Maori delegation talks about decolonizing heath systems during Saskatoon visit
- Andrea Ledding | October 22, 2018
Seven academics from Aotearoa (New Zealand) landed in Saskatoon to share knowledge and network with local Indigenous academics and communities. One of their many presentations was led by Dr. Linda Tuhawai Smith and Alison Green on August 30th at Station 20 West. After chili and bannock was served, Smith and Green presented on decolonization and health.
“Trying to decolonize the kind of societies that settler-colonial states have become is really difficult, and so my work both in education and in health has been trying to struggle with and think through what it means to decolonize systems,” said Smith. “A specific disease or issue in health, but also to think about health as a concept — why does a society need a health system?”
She pointed out that if people are flourishing they don’t need a health system — but systems are designed around concepts of “disease, dysfunctions, illness, damage, trauma and what is wrong with us.”
The fundamental health system was family, land, mountains, rivers, stories, identity, relationships, connections, names, language, a whole system of being.
“That was what colonialism destroyed,” noted Smith. “It destroyed all those things which kept us well, which gave us a sense of wellbeing, control and sovereignty over our environment, our bodies, our emotions and feelings, our thoughts and minds, our imaginations. Those things we had were ripped from us.”
The deliberate destruction of not just the tangible things but intangible things is the story of colonization, and the breaking down of healthy systems — so the question becomes not just surviving it but rebuilding ourselves after all that. The real challenge Smith believes is how much to engage in mainstream systems and how much to build new ones — under the treaty framework, the Maori are doing both.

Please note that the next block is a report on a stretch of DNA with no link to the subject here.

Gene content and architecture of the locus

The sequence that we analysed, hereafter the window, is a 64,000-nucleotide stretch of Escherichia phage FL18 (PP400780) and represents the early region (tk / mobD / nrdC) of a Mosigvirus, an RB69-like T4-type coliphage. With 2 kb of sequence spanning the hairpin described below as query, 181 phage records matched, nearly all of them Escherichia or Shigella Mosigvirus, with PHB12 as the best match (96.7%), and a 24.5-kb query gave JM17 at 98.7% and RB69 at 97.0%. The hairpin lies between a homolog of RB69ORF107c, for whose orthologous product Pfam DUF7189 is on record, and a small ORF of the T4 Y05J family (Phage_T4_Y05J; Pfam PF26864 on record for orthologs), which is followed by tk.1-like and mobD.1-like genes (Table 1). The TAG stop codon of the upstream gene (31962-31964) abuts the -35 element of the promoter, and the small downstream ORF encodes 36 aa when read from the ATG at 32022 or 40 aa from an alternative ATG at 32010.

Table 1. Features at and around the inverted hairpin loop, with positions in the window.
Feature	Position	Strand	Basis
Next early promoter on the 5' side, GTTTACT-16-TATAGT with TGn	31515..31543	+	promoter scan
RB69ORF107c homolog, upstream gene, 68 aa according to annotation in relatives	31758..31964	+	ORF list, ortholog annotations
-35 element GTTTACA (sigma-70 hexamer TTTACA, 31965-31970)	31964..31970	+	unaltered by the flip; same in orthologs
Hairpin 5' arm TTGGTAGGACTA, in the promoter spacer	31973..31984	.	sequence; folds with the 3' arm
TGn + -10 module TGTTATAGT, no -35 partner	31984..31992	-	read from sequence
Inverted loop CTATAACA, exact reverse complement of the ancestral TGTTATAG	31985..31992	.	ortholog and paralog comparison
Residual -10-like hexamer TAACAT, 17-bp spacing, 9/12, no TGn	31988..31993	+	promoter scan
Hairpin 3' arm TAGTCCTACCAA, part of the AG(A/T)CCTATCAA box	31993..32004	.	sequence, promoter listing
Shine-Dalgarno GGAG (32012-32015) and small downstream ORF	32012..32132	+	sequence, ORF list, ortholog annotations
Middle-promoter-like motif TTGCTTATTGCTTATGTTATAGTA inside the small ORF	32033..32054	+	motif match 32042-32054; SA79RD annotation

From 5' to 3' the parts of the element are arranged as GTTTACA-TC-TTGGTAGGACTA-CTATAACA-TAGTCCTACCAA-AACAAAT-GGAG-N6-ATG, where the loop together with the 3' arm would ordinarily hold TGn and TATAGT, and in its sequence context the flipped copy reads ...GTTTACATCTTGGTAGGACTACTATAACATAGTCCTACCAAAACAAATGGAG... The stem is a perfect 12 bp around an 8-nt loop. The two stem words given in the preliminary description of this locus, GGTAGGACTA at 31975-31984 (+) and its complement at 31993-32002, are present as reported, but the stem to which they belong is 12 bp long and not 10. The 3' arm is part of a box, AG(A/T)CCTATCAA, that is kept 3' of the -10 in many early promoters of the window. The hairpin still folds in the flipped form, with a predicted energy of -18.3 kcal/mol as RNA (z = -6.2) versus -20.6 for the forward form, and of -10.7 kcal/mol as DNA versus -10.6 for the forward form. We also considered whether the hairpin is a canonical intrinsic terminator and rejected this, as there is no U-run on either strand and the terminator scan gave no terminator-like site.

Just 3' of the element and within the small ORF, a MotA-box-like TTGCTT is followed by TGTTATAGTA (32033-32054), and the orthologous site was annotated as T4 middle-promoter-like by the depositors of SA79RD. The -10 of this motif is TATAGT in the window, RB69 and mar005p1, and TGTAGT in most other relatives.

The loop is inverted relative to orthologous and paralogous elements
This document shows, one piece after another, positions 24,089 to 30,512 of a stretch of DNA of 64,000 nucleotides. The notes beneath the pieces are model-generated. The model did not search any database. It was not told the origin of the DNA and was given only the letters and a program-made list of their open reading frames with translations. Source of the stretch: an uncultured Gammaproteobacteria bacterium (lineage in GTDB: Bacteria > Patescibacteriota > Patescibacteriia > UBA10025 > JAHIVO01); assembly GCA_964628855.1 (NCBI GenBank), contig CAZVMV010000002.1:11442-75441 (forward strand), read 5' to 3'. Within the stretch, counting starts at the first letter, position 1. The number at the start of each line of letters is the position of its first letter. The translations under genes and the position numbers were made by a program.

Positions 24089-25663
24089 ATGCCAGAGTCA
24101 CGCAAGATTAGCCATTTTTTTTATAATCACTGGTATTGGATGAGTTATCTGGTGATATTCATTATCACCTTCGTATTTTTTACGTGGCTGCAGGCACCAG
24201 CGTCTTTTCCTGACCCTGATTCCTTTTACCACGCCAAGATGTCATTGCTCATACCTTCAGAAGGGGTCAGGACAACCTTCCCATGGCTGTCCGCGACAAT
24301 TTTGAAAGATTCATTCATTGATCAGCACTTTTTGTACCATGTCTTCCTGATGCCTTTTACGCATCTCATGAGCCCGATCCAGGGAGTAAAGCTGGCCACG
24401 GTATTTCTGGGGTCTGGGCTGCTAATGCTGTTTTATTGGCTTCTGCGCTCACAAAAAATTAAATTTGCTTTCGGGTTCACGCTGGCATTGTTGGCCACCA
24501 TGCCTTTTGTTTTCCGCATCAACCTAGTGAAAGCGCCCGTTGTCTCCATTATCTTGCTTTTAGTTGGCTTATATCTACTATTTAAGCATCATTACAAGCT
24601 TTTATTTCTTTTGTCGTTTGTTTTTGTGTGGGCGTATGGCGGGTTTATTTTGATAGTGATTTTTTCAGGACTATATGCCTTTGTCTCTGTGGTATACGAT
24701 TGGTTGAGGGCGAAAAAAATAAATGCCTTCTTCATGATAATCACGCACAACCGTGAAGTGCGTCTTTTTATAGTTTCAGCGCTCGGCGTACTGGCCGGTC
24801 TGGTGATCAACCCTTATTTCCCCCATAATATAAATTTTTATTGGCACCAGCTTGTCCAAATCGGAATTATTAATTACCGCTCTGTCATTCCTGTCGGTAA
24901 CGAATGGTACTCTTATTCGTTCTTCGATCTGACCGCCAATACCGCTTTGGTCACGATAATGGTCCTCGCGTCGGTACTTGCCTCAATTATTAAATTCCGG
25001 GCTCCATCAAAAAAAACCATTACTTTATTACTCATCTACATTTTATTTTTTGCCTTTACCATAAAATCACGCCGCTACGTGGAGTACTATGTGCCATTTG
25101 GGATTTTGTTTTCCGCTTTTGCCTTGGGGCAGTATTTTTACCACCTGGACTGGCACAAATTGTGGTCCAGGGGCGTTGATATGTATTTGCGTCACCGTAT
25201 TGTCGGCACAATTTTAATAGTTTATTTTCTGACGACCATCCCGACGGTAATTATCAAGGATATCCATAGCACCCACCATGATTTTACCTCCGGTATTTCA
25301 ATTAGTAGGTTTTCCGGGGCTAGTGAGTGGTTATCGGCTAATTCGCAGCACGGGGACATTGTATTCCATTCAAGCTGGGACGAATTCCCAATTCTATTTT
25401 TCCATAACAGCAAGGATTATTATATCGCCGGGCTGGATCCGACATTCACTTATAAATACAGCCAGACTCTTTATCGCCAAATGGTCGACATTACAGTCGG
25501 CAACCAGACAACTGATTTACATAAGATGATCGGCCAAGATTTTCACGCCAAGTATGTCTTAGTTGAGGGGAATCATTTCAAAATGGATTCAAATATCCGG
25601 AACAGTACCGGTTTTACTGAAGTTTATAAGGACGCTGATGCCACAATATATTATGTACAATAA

“It’s not one thing or the other — simply building our Indigenous identities and institutions — we must simultaneously be engaging and trying to transform mainstream systems.”
Smith compares it to restoring a smashed egg without even knowing what shape an egg originally is, and said that sometimes we can find pieces from other Indigenous cultures as we put it back together generation by generation.
“The horrible truth is the people who colonized us cannot put us back together again,” said Smith. “If anything, they look at us and throw their arms up in the air and say Oh my God this is the biggest problem ever; it’s not our fault, we didn’t make it, it’s their own fault...so we cannot rely on dominant society to put us back together again.”
Rather than thinking of decolonization as a burden, she suggested it is a responsibility we can all help to lift, “to put it back together again.” She listed what a healthy and happy Indigenous community would look like, and that being in charge of ourselves and well-being is the key: socially, culturally, spiritually, economically, and politically.
“Those are all the dimensions we have to build in health,” Smith said.
Green honed in on LBGTQ2S health and research, in particular her research project on it. The evening was one of several planned while the Maori delegation was in the city.